It's not the most attractive area of London, but Shoreditch is a compelling district. Once famous for its turbulent history of crime and immigration, today this corner of London’s East End has been enlivened by an ever-expanding street art scene, a cluster of Sunday markets and an influx of hipsters toting handlebar moustaches and double denim. You could use all the travel writing clichés to describe it: a melting-pot of cultures; a vibrant area with a rich cultural heritage; full of hidden gems.
The area has been home to the French Huguenots, who escaped persecution before the French Civil War in the 1500s, the Jewish community who settled here in the late 1800s, and a wave of Maltese, Irish, Scottish, West Indian, Somali and Bangladeshi migrants who have all impressed their own traditions and cultures on this part of London since the early twentieth century.
Thanks to all this diversity in such a small neighbourhood, Shoreditch is the ideal place to taste the best of East London’s varied cuisines. After taking a tour with Eating London, Lottie Gross recommends five foods for an edible exploration of the East.
Bacon sandwiches at St. John Bread & Wine
It’s a bold statement, but we’ll stand by it: this may well be the best bacon sandwich of your life: thick-cut, freshly baked bread, charred to bring out its natural sugars then slathered in melted butter inside and out; perfectly smoked, salt- and sugar-soaked Gloucester Old Spot bacon; and tomato-and-apple ketchup as the perfect accompaniment. Start your day with one of these and your average British bacon sarnie will never seem the same again. There's no question that this is the best place for bacon in the city either: Bread & Wine is part of the St. John Group and run by renowned "nose-to-tail" chef Fergus Henderson.
© Joe Gough/Shutterstock
Fish & chips at Poppies
The comforting smell of vinegar-soaked chips and battered fish greets you from metres away as you approach Poppies on Hanbury Street. Owner, Pop Newland, has been serving fish and chips in London his whole life, and hasn’t given up the traditional ways. The takeaway portions come in a “newspaper” cone (specially made with edible ink so as not to poison you) like in the old days, and Cockney rhyming slang phrases are printed on the wallpaper as a reminder of the East End’s now-fading cryptic tongue.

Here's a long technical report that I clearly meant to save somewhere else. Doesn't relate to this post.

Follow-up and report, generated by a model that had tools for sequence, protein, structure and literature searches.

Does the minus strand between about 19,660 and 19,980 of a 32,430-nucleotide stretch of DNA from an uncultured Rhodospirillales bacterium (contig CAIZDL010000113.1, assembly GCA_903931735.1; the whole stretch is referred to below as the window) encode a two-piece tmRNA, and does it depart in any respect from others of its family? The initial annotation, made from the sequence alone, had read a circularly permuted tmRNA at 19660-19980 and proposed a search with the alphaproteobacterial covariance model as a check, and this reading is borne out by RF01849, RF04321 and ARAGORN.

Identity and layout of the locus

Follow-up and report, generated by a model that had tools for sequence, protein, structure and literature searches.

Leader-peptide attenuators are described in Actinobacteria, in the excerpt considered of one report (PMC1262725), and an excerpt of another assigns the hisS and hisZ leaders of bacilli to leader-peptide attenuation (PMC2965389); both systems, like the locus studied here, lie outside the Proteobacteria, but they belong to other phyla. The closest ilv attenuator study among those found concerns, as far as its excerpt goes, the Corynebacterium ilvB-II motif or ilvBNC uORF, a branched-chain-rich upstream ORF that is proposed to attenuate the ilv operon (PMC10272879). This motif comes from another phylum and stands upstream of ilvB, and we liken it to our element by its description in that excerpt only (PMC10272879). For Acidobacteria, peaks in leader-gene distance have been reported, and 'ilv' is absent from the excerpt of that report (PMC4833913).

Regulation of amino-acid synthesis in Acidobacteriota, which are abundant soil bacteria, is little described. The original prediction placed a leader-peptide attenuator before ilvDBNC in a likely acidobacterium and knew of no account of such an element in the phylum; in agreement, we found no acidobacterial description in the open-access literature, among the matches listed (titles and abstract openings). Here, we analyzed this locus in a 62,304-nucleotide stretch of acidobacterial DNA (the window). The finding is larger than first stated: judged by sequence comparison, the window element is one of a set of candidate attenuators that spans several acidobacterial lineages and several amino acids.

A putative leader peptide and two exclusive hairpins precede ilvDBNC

The fish, which comes from a third generation sustainable trader from Billingsgate, is beautifully flakey, the batter light, and the golden chips are fried to perfection. If you’re still not convinced, Poppies won the award for the Best Independent Fish and Chip Restaurant in the whole of the UK in 2014.
Salt-beef bagels at Beigel Bake
When the mood for bagels strikes you, whatever the time, Beigel Bake has got it covered. This 24-hour-a-day bakery is an institution on Brick Lane, most famous for its salt-beef bagels, cooked the traditional way and boiled before they’re baked. A traditional Jewish delicacy – introduced by the migrants that once made up 95 percent of the area's population – the deliciously salty beef is carved to order from a big hunk kept warm on a plate by the window, served with mustard and gherkin between the bounciest bagel you’ll ever eat. If bovine isn’t your bag, take your pick from the intimidatingly large selection of pastries baked throughout the night.
© Manu Padilla/Shutterstock
Curry at Aladin
The smell of food from the Subcontinent will invade your nostrils and arrest your appetite on a stroll down Brick Lane. It’s almost impossible to resist, and it's just as hard to choose where to eat, when touts outside establishments promise “award-winning chefs” and “the best curry in London”. Aladin, at number 132, who set up shop here in 1979 to serve spicy delights to the growing Bangladeshi community, is one of our favourites. Try the succulent lamb in a rogan josh gravy, a stiflingly hot chicken biryani and smoky naan breads from their tandoori oven.
Bread & butter pudding at The English Restaurant
A dish known to cooks since the sixteenth century and once the food of London’s poor (thanks to its basic ingredients and use for stale bread), bread and butter pudding is one of the most quintessentially English comfort foods. Fitting then, that you can indulge in the English Restaurant on Brushfield Street – the oldest house in Spitalfields. In its old-timely oak-clad interior (the wood salvaged from Christchurch, Spitalfields), taste a new twist on this dessert, made with home-baked brioche infused with orange juice and served soaked in a wonderfully refreshing, but still just as comforting, cardamom-and-brandy custard.
Eating London run food tours of Spitalfields and Shoreditch from Mon–Sat at 10am or 10.45am. Rest your head (and stomach) at the hipster Hoxton Hotel in Old Street for an insight into the East London scene.
Top image © norikko/Shutterstock